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Dividend Investing with High(er) Inflation

With the air beginning to get a little more crisp, and holidays just around the quarter, we wanted to provide you with an update on our Dividend focused individual stock portfolios as we enter the closing stretch of 2021.

At a high level, markets finished the third quarter (September 30) little changed from the previous as solid returns across US.

Stocks in July and August were given up during the month of September as the S&P 500 had its first 5% correction since early November of 2020. The Morningstar Dividend Index posted a return for the third quarter of -0.25%.

Nevertheless, markets have reversed course higher to start the month of October as corporate earnings season has kicked off and initial results have once again been strong adding conviction to our view that it is likely we see reasonably strong growth over the next 18 to 24 months in corporate earnings and the economy.

Despite this strong earnings backdrop, one item that has been talked about with increasing frequency has been the concern of inflation remaining higher for longer. While somewhat artificially high given low prices a year ago, The Labor Department announced September CPI (broad measure for inflation) increased 5.4% from a year earlier, eliminating volatile food and energy the index was up 4.0% year of year (US Bureau of Labor Statistics).

With inflation expected to remain above 2% over the next one or two years, this has made investing in fixed income more difficult as some areas appear destined to lose money on a “real” or “net of inflation” basis. With savings accounts and Bank CD’s offering paltry returns as well, this has made income investing a difficult landscape.

One area where we are still finding opportunity however is in Dividend Growth Stocks. The reason for this lies in the strategy, which is to identify business that we believe have the ability to grow revenues, profits, and dividends year after year. In fact, some businesses actually see stronger dividend growth in periods of inflation as they are able to increase their prices at a faster rate. Some of the businesses we invest in across financials, industrials, and materials are currently experiencing these benefits.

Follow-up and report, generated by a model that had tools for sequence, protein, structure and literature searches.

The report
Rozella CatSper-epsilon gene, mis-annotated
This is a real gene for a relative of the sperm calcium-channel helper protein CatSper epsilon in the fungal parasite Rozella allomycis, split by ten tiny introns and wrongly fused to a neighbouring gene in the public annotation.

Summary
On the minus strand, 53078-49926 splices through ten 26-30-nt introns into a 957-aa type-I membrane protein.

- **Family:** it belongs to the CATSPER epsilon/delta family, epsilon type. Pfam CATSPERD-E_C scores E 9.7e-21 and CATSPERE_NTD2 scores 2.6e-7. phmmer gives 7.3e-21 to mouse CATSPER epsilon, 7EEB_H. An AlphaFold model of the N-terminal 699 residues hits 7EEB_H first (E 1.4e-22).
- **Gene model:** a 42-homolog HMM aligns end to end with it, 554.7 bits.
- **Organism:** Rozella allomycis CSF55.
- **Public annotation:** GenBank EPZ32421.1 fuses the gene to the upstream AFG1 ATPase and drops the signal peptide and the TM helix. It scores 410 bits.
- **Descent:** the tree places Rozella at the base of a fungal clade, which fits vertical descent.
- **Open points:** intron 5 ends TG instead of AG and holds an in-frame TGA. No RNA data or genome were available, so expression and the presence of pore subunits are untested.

A key element of our process over the past few quarters has been to analyze the strength of our portfolio companies to “pass through” cost increases in their business to the end consumer. Our research has identified strength across many of our industrials, materials, and financials businesses confirmed by what has been a good start to earnings season mentioned above.

Underscoring the power of dividends, we have included a chart below highlighting the persistence of dividend growth across US stocks through 2015 (S&P500), showing that across the decades, there has only been one period of below inflation rate growth. (source:

S&P 500: Dividend Growth Rate By Decade


We do not forecast inflation averaging 5, 6, or 7% over the next 3 to 5 years like that seen throughout the 1970’s and 80’s, and as a result we believe Dividend Growth Stocks have the potential to be an important piece of a diversified portfolio; adding an income stream with the potential to keep up with and beat inflation over time.

Finally, as we have mentioned in previous letters an important part of our process is listening to portfolio companies earnings calls (led on our team by Dr. Lyle Bowlin). Included below are a few of the headlines that we found the most notable over the last quarter.

KLA Tencor Raises Dividend 17% and announces additional $2 Billion Share Buyback

Air Products Announces Price Increases of 15-20%

“Consumers are spending 20% more than before the Pandemic” – Jamie Dimon, CEO JPMorgan Chase

October 2021
*** Content in this material is for general information only and not intended to provide specific advice or recommendations for any individual. All performance referenced is historical and is no guarantee of future results. All indices are unmanaged and may not be invested into directly.
No strategy assures success or protects against loss. Investing involves risk including loss of principal. Dividend payments are not guaranteed and may be reduced or eliminated at any time by the company.
Unmanaged index returns do not reflect fees, expenses, or sales charges, Index performance is not indicative of performance of any investment. ***
Chris Hammond 

Chris Hammond

The Chartered Financial Analyst credential is considered by many to be the gold standard in investment management designations. The average 4-year commitment and rigor for this designation speaks to the degree of dedication exhibited by its’ candidates. Chris Hammond is a CFA Charterholder.